Living with anger
One of the common reasons why people seek counselling is anger. There may be occasions where it is justifiable, necessary and even useful to be angry. One of the most important things is to be aware of when it is ok to be angry and when would it may not be such a good idea.
When anger becomes uncontrollable, it may destroy relationships, worsen existing problems and even lead to aggression. But what is anger and why do we get angry?
What is anger
Anger is an emotion that is triggered primordially when we are exposed to any type of threat or when our needs are not met.
We feel angry when our self esteem is compromised, when we find an obstacle that stops us from achieving our goal, when we are treated unfairly or feel verbally exploited or physically abused. At the same time, if this emotion is channelled in a creative way, it can give us a boost of energy and strength.
A husband or a wife that feel their job is at risk may become aggressive towards their work colleagues, which may worsen their current position. If the anger or emotional arousal becomes uncontrollable, it can make individuals become physically aggressive. For example a person could end up projecting their anger towards their loved ones by being verbally or physically abusive.
If in this scenario, this emotional arousal is channeled in the right direction, it could also generate plenty of positive energy which could lead the same individual to become more competent, competitive or creative in their workplace. Of course for most of us this might be more easily said than done.
A child whose parents are going through a difficult time could feel vulnerable and threatened by their environment. As a result, such child could end up manifesting their anger at school in front of their tutors or by bulling their colleagues. Other children in similar circumstances may use their anger in a creative way by writing, painting or participating in extra scholar activities.
Anger can be like a parasite, if left untreated, it can make us feel miserable and will slowly consume us and the people around us. Just like a teacher trying to lead a class but one of the students is constantly interrupting and molesting. This child can put the entire lesson in jeopardy. The teacher could send the child out of the classroom, but the same child can still create noise outside, making it very difficult for the teacher to carry on with his duties. Having a dialogue with the problem has proved to be more effective than ignoring it or sweeping it under the carpet.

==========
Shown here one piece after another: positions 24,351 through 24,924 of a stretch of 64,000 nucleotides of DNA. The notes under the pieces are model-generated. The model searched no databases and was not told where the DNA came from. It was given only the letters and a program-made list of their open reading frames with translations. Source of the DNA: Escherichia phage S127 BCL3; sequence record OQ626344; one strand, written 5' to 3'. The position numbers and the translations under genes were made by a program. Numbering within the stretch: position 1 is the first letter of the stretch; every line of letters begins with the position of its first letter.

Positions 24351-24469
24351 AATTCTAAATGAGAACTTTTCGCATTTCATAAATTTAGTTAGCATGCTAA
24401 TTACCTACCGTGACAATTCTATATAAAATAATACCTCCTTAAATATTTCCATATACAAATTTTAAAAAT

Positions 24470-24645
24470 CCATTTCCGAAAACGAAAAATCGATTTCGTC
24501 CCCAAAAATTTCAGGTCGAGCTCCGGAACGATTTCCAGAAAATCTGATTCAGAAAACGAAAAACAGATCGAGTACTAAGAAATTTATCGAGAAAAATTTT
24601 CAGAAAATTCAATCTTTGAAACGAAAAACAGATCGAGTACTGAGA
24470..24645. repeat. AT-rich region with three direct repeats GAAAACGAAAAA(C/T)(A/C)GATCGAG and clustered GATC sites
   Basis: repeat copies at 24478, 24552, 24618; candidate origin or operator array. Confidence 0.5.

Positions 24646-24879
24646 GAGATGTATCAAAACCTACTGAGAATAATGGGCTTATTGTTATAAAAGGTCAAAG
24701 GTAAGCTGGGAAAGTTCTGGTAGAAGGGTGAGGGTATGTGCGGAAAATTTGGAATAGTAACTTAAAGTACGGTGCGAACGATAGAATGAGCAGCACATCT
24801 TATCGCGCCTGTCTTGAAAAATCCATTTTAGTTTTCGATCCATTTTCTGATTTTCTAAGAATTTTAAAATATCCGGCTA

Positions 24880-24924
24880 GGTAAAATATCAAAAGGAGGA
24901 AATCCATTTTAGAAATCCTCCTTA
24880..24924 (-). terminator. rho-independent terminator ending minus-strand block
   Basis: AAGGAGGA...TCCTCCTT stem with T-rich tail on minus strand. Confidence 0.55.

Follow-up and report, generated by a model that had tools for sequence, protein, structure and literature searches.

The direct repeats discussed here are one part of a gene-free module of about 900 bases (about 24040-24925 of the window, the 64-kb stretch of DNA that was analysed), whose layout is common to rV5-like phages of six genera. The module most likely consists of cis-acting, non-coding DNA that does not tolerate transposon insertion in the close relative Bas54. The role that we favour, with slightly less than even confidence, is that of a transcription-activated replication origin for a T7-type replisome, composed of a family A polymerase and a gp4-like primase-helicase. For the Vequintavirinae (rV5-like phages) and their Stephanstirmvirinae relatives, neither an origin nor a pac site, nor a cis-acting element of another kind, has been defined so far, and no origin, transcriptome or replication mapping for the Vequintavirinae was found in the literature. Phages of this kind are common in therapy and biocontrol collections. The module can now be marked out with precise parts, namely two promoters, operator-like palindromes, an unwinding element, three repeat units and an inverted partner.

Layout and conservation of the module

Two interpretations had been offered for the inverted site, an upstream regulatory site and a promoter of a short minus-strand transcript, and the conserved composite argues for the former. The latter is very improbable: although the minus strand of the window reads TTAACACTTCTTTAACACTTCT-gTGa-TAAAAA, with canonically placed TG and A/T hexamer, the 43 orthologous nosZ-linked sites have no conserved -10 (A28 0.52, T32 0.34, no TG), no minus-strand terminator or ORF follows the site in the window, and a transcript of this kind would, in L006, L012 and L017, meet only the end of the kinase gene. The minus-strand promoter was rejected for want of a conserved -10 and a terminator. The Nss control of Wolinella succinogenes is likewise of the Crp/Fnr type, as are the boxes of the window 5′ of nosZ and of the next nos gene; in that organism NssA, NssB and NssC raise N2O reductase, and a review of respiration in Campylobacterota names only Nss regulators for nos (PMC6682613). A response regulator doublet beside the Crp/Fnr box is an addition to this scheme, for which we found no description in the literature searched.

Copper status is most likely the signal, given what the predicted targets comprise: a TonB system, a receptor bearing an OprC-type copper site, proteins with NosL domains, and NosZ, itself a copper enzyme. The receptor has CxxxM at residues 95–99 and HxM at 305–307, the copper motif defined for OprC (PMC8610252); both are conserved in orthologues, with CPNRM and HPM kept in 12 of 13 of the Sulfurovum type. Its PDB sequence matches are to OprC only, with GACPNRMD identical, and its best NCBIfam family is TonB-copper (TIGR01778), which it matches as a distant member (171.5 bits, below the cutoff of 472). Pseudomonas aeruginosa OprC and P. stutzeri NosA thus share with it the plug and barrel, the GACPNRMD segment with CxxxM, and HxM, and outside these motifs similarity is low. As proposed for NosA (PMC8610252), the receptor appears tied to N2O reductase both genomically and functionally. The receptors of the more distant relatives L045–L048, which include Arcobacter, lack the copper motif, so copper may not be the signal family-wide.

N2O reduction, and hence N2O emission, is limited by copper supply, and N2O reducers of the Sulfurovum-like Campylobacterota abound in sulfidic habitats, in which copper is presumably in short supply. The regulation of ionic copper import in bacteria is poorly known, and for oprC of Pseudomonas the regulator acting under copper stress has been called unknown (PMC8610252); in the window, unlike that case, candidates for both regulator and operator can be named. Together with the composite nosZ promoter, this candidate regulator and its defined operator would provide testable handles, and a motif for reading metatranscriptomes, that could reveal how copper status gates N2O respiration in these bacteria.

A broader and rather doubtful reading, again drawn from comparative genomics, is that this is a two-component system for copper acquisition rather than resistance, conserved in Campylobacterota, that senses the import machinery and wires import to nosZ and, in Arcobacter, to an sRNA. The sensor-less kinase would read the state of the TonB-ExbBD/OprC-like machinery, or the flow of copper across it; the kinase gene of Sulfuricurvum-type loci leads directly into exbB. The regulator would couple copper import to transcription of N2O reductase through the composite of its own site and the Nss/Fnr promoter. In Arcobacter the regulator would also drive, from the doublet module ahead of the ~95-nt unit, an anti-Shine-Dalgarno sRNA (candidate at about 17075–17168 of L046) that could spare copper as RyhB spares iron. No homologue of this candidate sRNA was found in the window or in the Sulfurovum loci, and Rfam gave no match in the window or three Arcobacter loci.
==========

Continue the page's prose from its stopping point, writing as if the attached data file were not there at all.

The first step
Without being aware of the problem, we can project our anger against ourselves. This may lead us to self-destructive behaviours and the list in here could include (amongst others): alcohol abuse, drug abuse, sexual addictions and so on. But even worse consequences of uncontrolled anger can be felt by those who are the victims of a person whose anger makes them become physically or emotionally abusive. Those who are violent and physically abuse their partners tend to be quite charismatic characters outside their homes. They have the tendency of describing and justifying their behaviour with phrases like “What would you have done? Or “I had no choice…”
Balloon about to burst
Anger is not an emotion that suddenly appears, but it rather builds up over time. It fills up like a glass of water, eventually overflowing. It is like a balloon that is growing and when it gets to it’s threshold – it bursts. The answer lies in recognizing when this balloon of anger is starting to fill up and taking appropriate measures to relief it. Distraction and relaxation are one of techniques to deal with anger balloon. You do have a choice to let the balloon fill up, or release some air and prevent a big burst.
Some people have grown up in surroundings where anger and conflict have always been present during their development. They may have inherited this destructive mechanism from their close environment, and getting rid of it could indeed be an arduous task.
Whether we are victims of our own anger balloon or someone else’s, victims or perpetrators, therapy is a confidential place where people can feel safe enough to begin a dialogue with their own feelings and experiences without being judged. Therapy can be useful as it will help clients become more aware of the intensity of anger they experience and also aware of the unconcious porocesses that underlie this emotional arousal. Psychodinamic interventions in this case have proved to help individuals recognise why and when the balloon is filling up and provide methods of relaxation.
In cases of those where anger becomes a danger to someone else, therapy should be able to stop the physical violence, as well as the more subtle forms of abuse, such as undermining, over-criticizing and emotional abuse.
Don’t let it take control
If you feel anger is taking over your life, whether initialised by you or your surroundings – take control over it. you can Contact me or find more information by visiting:
If you think you need to talk about anger problem and how affects your relationship I offer counselling in Waterloo. I also offer counselling in King’s Cross 5 minutes from central London. Contact me to arrange an introductory counselling session or ask a question.